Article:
Honestly, I think Fitzgerald goes a little overboard sometimes, tries to pack so much style and attitude in to it that it can come off as if he is a little in love with the sound of his own voice. That is forgivable though because the book is so good, and it is extremely typical of great young men writers in their twenties.
|Man, F Scott F, how'd you get so bitter?|
My gosh, he is certainly heavy with the similes and metaphors, though? Early in the book there appear to be at least two or three per page! Most of these are jaw-droppingly gorgeous, i.e. the simile about children leaving the street at dusk; or, the metaphor about the row of houses on a street like a birthday cake, etc, ... There are a few clunkers, too, but not many.
I also love our narrator, and his sly way of passing judgement on all these really awful people that he spends the Summer with. I love the incredibly voyeuristic style that Nick Carraway employs to tell his tale. I love the fact that Carraway, himself, the one passing judgement on these folks, is really a pretty despicable person, too. I love Carraway's whole "the other things I did that Summer" passage, as well: He kept signing love to his girl back West, even though he kept thinking of the "moustache of sweat" on Jordan Baker's lip while he did it; that he had another girl until her brother starting looking at him sideways; that he cares for Jordan Baker despite the fact that she is a liar and a cheat -- in fact, Carraway goes on to say that lying and cheating is to be expected of all young attractive women. I also love how all "the help" are portrayed throughout the book, as rude, idiotic, stuck-up buffoons. Even Carraway's personal "help" is only ever referred to as "The Finn." We never learn their name.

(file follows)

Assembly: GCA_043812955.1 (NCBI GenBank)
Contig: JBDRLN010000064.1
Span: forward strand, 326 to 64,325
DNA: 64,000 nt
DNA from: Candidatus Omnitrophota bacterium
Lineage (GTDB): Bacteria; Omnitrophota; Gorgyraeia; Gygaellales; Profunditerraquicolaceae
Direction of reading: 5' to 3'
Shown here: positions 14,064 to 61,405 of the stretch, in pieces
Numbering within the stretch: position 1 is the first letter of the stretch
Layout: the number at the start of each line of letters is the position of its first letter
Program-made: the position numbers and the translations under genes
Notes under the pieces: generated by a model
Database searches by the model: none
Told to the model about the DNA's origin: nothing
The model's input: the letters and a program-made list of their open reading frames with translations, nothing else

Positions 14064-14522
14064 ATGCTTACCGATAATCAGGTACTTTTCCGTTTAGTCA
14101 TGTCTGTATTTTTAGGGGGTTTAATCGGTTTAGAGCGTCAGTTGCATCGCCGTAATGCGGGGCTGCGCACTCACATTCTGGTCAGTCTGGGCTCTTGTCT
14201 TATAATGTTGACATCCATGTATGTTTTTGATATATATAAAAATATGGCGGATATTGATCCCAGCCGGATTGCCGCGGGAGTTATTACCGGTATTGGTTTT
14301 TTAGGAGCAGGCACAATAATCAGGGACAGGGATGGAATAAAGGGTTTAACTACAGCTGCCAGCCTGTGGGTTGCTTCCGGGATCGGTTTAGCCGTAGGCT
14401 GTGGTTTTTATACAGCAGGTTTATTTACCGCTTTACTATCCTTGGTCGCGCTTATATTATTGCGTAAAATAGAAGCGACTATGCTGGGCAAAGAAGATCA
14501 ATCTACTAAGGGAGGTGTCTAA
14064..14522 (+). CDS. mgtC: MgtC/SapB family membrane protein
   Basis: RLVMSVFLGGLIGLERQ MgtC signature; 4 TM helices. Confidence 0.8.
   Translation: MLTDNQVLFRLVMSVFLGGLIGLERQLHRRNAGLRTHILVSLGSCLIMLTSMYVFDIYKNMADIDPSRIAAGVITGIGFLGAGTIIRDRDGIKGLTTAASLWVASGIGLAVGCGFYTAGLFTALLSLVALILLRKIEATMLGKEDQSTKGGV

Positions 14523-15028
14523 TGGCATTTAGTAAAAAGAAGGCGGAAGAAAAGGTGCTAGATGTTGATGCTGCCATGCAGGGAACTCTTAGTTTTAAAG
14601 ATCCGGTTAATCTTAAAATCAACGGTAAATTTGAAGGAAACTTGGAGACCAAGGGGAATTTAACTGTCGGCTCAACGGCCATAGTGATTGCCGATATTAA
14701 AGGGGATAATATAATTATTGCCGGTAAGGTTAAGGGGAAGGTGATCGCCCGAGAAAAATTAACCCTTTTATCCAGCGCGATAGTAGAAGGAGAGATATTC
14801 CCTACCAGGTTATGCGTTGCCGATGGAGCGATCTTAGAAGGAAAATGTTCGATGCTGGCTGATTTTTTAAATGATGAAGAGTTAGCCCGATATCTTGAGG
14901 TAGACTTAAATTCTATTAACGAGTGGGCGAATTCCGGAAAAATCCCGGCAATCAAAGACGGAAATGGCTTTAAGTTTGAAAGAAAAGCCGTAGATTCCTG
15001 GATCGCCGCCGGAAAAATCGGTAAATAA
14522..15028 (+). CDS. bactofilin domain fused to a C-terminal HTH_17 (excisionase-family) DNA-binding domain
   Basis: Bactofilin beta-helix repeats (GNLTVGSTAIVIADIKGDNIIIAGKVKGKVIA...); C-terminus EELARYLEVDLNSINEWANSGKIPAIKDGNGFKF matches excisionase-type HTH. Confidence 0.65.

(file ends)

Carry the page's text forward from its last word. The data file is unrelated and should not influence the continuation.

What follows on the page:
This is an extremely cynical book, a real indictment of wealthy America. There is really not a single likable person in the whole novella. Carraway tries to paint a pretty picture of Daisy Buchanan, but by the end, one gets the feeling that Carraway is trying just a little too hard; that most likely, Carraway, is probably in love with his second cousin, which has blinded him to Daisy's very silly and slight nature.
I am so glad I have finally read the book. If I had read it in High School it probably would have been wasted on me. The Great Gatsby is a true American Masterpiece.
(Now back to Parade's End!)